“Revelations” takes place as Madonna’s No. 1 hit “Vogue” is pushing the ball culture into the mainstream. Maldonado is a pioneer in the so-called “New Way” of voguing: “I found a way to mix the femininity with the acrobatic,” she said, relaxing in the show’s funeral parlor set during a scene change, her feet tucked into a pair of Ugg boots. “That’s why they call me the Wonder Woman of Vogue.”
To prepare for the show, she had to immerse herself in the “Old Way” of voguing, which is “all about lines and boxes” — imitating the poses seen in fashion magazines. “I like to call it ‘watering down,’” she said. “As a performer, my level is really high. It’s not that it doesn’t take the same effort, it’s just different.”
Little about her performance seems “watered-down,” though. She spins and dips dramatically and bounces kinetically during the low, squatting move known as the “duck walk,” all while tossing her curly mane.
“The more hair the better,” she said.
During the Butch Queen Vogue competition performance, Damon riles up the crowd with a fierce floor performance — posing and thrusting his limbs while on the ground, at one point balancing his weight on a single shoulder. Swain is a trained dancer who received additional instruction in voguing from Maldonado and others. “We wanted to give Damon a moment where he can really shine,” said Maldonado. “He’s been working really hard.”
The master of ceremonies
It’s time for Billy Porter’s closeup.
The Tony-winning star of “Kinky Boots” is used to performing for a live audience. This comes in handy when he has to MC, narrating the proceedings with witty commentary — and the occasional catty put-down.
“Oooh, that face! That face is maaad!” Porter hissed into a microphone as a fired-up Swain took to the dance floor. “He’s like, ‘Get out my way! Get out my way, bitch!’”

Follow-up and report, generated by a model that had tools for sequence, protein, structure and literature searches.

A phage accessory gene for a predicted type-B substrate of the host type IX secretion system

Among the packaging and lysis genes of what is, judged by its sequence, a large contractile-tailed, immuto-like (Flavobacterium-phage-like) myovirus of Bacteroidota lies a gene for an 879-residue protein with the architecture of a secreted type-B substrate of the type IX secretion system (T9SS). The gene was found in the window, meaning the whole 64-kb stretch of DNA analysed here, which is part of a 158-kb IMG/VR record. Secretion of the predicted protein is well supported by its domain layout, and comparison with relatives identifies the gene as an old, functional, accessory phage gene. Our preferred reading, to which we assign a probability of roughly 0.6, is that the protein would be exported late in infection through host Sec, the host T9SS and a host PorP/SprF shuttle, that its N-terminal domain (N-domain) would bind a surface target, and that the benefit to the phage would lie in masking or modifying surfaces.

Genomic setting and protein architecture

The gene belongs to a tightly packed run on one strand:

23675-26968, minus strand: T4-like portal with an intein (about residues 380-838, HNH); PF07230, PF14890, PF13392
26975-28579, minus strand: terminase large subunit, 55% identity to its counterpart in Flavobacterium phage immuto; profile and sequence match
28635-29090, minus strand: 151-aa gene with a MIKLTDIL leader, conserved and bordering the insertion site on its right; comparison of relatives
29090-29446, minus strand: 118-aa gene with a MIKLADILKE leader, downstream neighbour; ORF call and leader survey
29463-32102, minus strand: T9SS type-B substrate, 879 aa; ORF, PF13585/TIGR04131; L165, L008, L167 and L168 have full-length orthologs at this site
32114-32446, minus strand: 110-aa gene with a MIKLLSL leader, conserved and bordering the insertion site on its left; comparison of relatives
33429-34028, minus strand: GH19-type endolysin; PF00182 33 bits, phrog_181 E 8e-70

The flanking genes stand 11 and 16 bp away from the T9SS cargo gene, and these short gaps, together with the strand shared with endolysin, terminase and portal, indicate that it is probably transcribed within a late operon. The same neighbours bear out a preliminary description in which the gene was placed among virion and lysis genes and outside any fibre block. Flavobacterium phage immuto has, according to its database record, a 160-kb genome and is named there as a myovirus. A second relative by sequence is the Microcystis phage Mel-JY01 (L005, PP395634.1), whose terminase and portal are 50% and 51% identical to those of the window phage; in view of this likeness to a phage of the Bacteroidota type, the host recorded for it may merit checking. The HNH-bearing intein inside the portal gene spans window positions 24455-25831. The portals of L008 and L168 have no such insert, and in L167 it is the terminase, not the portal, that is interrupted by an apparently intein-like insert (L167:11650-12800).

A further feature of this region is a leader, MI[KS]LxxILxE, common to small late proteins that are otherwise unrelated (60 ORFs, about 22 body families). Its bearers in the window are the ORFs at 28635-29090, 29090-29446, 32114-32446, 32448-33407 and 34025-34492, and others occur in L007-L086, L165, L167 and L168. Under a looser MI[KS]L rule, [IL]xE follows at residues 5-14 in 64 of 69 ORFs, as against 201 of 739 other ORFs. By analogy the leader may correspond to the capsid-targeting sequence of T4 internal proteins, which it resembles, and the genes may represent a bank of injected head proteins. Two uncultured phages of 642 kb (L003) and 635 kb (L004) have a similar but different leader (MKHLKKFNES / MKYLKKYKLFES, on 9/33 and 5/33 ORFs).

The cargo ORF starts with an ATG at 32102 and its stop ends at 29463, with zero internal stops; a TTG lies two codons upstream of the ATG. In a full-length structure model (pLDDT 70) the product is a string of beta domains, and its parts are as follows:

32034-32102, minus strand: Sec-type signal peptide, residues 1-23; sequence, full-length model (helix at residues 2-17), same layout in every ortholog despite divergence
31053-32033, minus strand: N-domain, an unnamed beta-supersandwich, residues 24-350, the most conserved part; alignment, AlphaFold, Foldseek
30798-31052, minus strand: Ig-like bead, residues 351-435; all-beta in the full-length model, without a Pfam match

After filming wide shots with music, Canals has moved in for a tight shot on Porter’s face. In order to capture his dialogue, the setup is filmed without music. The crowd dances and gesticulates in silence.
The actor likes working in this order, which gives him time to “luxuriate and feel it out and really solidify” the best line readings, said Porter, who liberally ad-libs and tweaks his dialogue. .
Canals said he gave him one note: “Say whatever you need to say. We just need to make sure the intention of the scene is there.”
“The scripts that come in are extraordinary,” said Porter, whose riffs are inspired by the costumes and performances. “What’s already on the page creates a template for me to springboard and develop into something that feels organic. It’s already organic on the page, because the people who wrote it are from the world, so nobody’s trying to create something that they don’t understand.”
Consultants, including Mizrahi and Jose Gutierez Xtravaganza also weigh in when necessary, making sure the language and terminology is accurate.
“I’ll come in and say, ‘Maybe that name won’t work,’” said Mizrahi, “but the ‘Pose’ team has it pretty down pat.”
No ball would be complete with a boisterous crowd. About 75% of the background players in the series’ ball scenes come from the ballroom community, estimates Twiggy Pucci Garçon. A veteran of the scene, she is officially the show’s runway choreographer, but also spreads the word about background auditions, often via social media.
Particularly when it comes to featured background performers — characters who are seen on camera competing in the balls — efforts are made to cast people who have actually walked in a given category and have attained a particular status within the community. (The terms “icon,” “legend,” “star” and “statement” indicate specific ranks.) Some background players have gone on to work in other shows, including “Fosse/Verdon” and “Tales of the City.”
The ball in “Revelations” takes place at the height of “Vogue”-mania, so it’s especially packed thanks to the interloping “tourists” who’ve come to check out the scene.
On many sets, the holding area for extras can feel like a tedious purgatory, but on ball day at “Pose,” the atmosphere is vibrant. A background performer in a hat draped with ivy sways to disco music while another in gold chain flaps preens in his fringed jacket. Between takes, they carefully deposit their (fake) drinks — Sunkist and Fanta rather than alcoholic punch — and prop cigarettes on a folding table marked with a numbered grid, to ensure continuity.
The ball may be carefully staged, but the excitement is real, Garçon said.
“There’s a special thing that happens on ball days.”
It's a date